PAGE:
On a dark and stormy night, corporate lawyer Laura (Desi Doyen) admits she's
been suicidal for some time, so it's no surprise when the other weekend renters at an
isolated Hamptons time-share stumble upon a corpse. With the deceased center stage, rival
lawyer Douglas (Allen Lulu) steals Laura's legal briefs while depressed social worker Tuba
(Scott Rabinowitz) reads her diary and finds himself smitten with her. Mousy tax lawyer
Cathy (Alexandria Sage) revels in the excitement, comforting the deceased's fiancé Peter
(Graham McCann) until Michael (J. Haran) arrives claiming to be the real fiancé.
Playwright George Larkin cannibalizes various genre conventions with mistaken identities,
elevating the whodunit spoof to new levels of hilarity. Director Adam Bitterman keeps the
action moving, the jokes zooming and the pratfalls flying at a breathless pace, with the
energetic cast delivering uniformly strong comic performances. Dominated by a nautical
motif (including a giant taxidermied marlin), Aaron Francis' multi-doored set is nicely
suited to the action, particularly to Bitterman's well-choreographed fight scene.
- Sandra Ross
©1999 LA WEEKLY
BACKSTAGE WEST /
Although George Larkin's script is hardly the Shakespearean bloodfest the
title promises (I will admit to nurturing a sweet fantasy wherein an arena of lawyers
battle each other until only a few cell phones and a Porsche key chain are left behind),
it's still a fun little show based on the Agatha Christie premise of a house, cut off from
civilization by a storm, containing a mysterious corpse and a number of terrified
Lawyers Douglas (Allen Lulu) and Cathy (Alexandria Sage), along with the
way-out-of-his-element social worker Tuba (Scott Rabinowitz), all arrive at their Hamptons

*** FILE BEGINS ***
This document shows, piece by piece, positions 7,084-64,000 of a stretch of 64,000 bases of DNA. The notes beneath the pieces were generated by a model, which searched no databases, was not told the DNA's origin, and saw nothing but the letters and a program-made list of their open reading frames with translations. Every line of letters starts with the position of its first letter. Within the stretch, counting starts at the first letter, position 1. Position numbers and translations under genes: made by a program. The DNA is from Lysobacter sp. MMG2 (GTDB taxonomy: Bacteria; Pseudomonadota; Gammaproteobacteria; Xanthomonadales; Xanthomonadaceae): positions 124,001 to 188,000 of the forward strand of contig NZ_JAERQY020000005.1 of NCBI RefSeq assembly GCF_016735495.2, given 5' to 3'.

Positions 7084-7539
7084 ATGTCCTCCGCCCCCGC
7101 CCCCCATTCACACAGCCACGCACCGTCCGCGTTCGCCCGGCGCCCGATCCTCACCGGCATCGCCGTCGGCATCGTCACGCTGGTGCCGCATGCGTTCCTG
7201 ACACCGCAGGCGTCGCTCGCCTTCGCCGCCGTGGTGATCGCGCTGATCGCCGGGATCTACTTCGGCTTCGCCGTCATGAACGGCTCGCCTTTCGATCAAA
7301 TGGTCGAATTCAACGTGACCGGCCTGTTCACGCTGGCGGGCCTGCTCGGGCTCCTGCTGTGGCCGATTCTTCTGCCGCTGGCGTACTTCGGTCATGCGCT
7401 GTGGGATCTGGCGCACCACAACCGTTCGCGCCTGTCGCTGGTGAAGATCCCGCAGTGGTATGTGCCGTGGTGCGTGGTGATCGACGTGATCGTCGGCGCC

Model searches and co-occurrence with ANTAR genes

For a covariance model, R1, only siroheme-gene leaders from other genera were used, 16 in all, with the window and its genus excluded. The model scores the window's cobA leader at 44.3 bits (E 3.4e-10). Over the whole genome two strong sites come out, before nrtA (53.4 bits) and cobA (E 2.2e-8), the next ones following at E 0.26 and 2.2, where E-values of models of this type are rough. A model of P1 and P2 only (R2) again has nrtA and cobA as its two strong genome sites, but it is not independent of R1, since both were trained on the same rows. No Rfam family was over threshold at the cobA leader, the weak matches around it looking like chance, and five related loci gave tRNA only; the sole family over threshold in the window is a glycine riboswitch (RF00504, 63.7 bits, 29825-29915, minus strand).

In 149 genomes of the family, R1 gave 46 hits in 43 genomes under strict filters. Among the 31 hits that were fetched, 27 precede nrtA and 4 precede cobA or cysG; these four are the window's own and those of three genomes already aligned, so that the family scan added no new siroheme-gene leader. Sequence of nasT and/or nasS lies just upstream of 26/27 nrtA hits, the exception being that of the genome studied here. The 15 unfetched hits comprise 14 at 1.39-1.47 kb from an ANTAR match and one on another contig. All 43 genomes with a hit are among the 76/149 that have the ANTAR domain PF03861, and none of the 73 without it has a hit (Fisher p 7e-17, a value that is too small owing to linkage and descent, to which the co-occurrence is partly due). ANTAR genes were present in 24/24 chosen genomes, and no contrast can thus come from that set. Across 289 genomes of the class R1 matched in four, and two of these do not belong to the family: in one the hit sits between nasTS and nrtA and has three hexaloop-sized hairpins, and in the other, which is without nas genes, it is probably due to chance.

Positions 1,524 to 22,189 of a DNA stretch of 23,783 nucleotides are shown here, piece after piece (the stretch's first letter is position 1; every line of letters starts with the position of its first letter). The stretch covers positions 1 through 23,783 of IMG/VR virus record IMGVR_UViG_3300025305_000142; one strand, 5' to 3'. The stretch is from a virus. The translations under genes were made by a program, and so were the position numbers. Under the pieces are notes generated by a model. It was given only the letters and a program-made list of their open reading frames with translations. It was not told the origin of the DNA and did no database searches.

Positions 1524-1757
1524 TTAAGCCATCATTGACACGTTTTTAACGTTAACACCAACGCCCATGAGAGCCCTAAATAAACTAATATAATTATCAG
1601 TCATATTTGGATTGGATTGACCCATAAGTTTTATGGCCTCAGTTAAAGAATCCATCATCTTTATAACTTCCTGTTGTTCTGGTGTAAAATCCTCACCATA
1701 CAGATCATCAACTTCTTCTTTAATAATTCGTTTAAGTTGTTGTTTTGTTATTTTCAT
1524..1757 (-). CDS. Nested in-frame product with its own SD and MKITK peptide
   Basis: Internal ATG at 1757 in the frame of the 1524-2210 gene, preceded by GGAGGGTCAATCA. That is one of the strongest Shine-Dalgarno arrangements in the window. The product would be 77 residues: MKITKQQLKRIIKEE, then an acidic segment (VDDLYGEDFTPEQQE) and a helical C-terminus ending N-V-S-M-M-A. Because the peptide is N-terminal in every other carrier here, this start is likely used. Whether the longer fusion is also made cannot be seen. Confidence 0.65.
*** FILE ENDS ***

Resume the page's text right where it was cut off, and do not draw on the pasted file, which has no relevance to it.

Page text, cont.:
time-share to find a corpse, head neatly bagged, sitting upright on the couch. A quick
perusal of the nearby diary, with its 17 subheadings, reveals what they think to be the
truth - until the corpse's fiancé Peter (Graham McCann) shows up. And then the
corpse's fiancé Michael (J. Haran) shows up. And then things get complicated.
Lulu and Sage are wonderfully reprehensible as lawyers who attempt the
occasional human emotion, while Rabinowitz proves a warm and personable foil. McCann and
Haran are fun, but I can't tell you why. Desi Doyen has a captivating Grace Kelly quality,
but I can't tell you who she is. I may have told you too much already. The delightfully
named Adam Bitterman shows an adept directorial hand for farce.
I don't know who to applaud for the lights-I'll guess it's production
designer Aaron Francis-but they're wonderful. Much of the play happens by candlelight, and
it's not until they all light up at once after a blackout that you even realize they're
not real. I don't know how those warm little pools of light were achieved so naturally,
but it's quite an effect. The set (the modest Mr. Francis again?) is a lovely bit of
seafoam green real estate, although I'd question the necessity of adding a full, visible
bathroom (trust me, nothing you need to see happens there). Babe Hack's sound makes for a
ripping good storm. Only the addition of deceased IRS auditors could make for a more
- Wenzel Jones
©1999 Backstage West
VENTURA COUNTY STAR
Question: A lawyer dies, goes to heaven and they throw a parade for her.
Why? Answer: Because she was the first one to get there. Despite this
and dozens of other clich attorney jokes, the play Dead Lawyers is a hysterical send-up of
Agatha Christie whodunits and door-slamming farces with more egotistical lawyers than an
A raging storm, a washed-out bridge and a secluded time-share house in the
Hamptons provide the ideal clich setting for this comic mystery. Renters arrive to
find a corpse on the couch, an apparent suicide of a corporate lawyer named Laura. Douglas
(Allen Lulu, whom youll recognize from a series of collect phone call ads), a rival of
Lauras, reacts to the corpse like its a piece of furniture. Tuba, a suicidal social
worker, reads Laura's diary and falls in love with her. Cathy, a reserved tax lawyer cares
for the shocked fianc Peter ... until another man also claiming to be the fiance enters
and the mystery deepens.
Adam Bitterman directs George Larkins play for The Sacred Fools Theater
Company, which has forged its name as one of the citys better troupes. The show continues
Thursdays through Saturdays at the Heliotrope Theater, 660 N. Heliotrope Drive, Hollywood.
On Thursdays two lawyers get in for the price of one. And on Saturday nights,
theater-goers can stay for free and see the late night show Crime Scene, a continuing saga
of violence and intrigue. For more information call (310) 281-8337.
- Jeff Farve
©1999 Ventura County Star